KIBBUTZ KRAMIM, Israel (Reuters) - With its socialist doctrine of shared possessions — down to your underwear — and love of the land, the kibbutz for years symbolized Israel’s earthy Zionist ideals.
But Israelis abandoned the collective farms in droves as socialism fell from favor in the 1980s, urban centers flourished and many kibbutzim sank into debt as they struggled to weather hyperinflation and soaring interest rates.
Now the kibbutz is staging a tentative comeback by embracing reform and eco-friendly practices to attract young families looking for an alternative to the daily grind.
“It’s no longer a commune,” said Udi Nathan, who moved his family to Kibbutz Kramim in Israel’s Negev desert in 2006 after a decade of living in the country’s secular metropolis Tel Aviv.
“It has its socialist aspects ... but we don’t share our wallets with people, which I think is good and is in tune with what’s going on today.”
Traditionally, the kibbutz was an agricultural settlement founded on Zionist-socialist principles, where everyone worked the land and shared income and possessions. The first collective farm was founded in 1909.
Besides initially being a practical venture in group living, the kibbutz played a central role in Zionist settlement of the land before and after the founding of the Jewish state.
Despite its idealistic image among many Israelis, others see the kibbutz — some of which were founded on deserted Arab villages after the 1948 Arab-Israeli War — as part of what they call the Zionist “land grab” of the last century.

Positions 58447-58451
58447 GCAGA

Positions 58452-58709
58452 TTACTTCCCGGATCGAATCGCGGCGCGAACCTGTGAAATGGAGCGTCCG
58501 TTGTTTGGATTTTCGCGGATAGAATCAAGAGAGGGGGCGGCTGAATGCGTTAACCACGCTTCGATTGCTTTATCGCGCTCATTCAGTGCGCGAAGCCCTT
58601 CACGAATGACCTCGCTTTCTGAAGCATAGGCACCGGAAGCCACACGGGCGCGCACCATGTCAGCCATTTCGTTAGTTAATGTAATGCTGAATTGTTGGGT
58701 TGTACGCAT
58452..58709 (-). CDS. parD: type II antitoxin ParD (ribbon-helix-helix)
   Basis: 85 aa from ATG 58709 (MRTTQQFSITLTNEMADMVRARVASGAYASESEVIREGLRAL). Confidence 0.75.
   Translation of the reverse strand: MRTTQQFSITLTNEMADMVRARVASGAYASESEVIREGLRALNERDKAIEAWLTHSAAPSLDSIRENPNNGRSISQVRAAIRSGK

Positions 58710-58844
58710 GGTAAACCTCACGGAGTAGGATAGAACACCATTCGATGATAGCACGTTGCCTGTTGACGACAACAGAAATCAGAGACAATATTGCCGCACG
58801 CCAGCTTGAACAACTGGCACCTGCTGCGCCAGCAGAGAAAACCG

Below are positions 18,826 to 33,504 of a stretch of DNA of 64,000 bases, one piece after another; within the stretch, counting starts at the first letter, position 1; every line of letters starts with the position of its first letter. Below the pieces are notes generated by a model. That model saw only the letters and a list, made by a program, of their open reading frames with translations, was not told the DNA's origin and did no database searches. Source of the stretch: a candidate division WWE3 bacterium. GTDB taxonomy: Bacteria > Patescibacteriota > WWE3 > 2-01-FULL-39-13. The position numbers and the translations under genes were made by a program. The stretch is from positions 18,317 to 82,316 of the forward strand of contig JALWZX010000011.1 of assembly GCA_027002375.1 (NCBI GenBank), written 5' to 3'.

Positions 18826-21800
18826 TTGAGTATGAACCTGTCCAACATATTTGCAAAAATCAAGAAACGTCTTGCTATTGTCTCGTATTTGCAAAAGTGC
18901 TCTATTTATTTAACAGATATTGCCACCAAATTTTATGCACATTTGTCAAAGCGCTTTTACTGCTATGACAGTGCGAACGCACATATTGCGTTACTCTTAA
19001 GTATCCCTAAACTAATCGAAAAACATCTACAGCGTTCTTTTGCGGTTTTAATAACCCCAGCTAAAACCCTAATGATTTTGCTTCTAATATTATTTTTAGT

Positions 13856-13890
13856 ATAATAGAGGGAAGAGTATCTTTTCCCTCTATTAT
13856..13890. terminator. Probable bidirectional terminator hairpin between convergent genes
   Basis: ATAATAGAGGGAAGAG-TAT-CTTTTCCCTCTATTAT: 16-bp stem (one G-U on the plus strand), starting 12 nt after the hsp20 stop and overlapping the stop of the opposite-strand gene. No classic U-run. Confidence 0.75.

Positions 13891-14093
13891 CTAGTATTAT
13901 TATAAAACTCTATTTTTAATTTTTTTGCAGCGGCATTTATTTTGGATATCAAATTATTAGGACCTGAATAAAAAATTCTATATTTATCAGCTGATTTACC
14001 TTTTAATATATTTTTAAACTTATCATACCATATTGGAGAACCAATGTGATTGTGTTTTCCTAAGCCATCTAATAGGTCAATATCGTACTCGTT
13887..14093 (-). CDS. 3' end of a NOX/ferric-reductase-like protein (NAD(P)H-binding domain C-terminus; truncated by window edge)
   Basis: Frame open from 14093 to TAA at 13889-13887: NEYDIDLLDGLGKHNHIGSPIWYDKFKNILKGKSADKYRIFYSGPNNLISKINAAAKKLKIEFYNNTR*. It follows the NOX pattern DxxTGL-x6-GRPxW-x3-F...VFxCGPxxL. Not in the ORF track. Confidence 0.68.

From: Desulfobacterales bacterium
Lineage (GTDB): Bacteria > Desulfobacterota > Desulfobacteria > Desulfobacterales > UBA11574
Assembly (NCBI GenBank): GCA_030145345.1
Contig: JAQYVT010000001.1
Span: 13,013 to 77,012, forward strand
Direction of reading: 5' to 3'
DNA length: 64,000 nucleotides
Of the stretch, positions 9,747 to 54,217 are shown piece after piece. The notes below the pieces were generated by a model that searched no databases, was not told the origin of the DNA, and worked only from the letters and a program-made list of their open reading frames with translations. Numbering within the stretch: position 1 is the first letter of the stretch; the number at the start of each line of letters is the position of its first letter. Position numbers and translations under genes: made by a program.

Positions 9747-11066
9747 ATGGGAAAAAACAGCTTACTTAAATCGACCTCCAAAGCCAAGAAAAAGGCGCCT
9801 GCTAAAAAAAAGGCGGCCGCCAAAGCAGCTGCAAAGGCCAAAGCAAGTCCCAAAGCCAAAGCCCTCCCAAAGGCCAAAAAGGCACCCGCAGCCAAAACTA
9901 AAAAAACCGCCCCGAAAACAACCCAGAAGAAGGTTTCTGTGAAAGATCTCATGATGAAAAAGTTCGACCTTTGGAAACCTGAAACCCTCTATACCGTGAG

Some 50,000 people left the collective farms between 1984 and 2004 as the egalitarian way of life lost appeal and the farms struggled with the economic crisis of the mid-1980s.
But many kibbutzim have improved their finances over the past decade thanks in part to government help, and have relaxed rules on sharing income and possessions.
Tiny Kibbutz Kramim was founded in 1980 with an eye toward “making the desert bloom.” Today, it has a large vineyard and plantations, rents out dozens of cabins for tourists and co-owns a gas station with another kibbutz.
Like some two-thirds of Israel’s 273 kibbutzes, Kramim became a “renewed” kibbutz when it underwent privatization, meaning members now earn and keep differential salaries, are charged for services like food and laundry, and pay taxes.
The taxes provide a safety net for the most vulnerable and pay for the kibbutz’s share of communal services and other mutual aid, such as a portion of members’ healthcare and education expenses.
Since it was privatized in 2006, the number of families at Kibbutz Kramim has doubled to 33 and it has plans to add some 100 families in the next five years.
It has also adopted a new eco-friendly focus: new construction will be energy-efficient, use solar power and recycle water. There are also plans to phase out conventional agriculture and replace it with organic farming.
This new blend of financial freedom with community values suits families like the Nathans, who also enjoy the wide open spaces, a sense of community and freedom to shape their lives.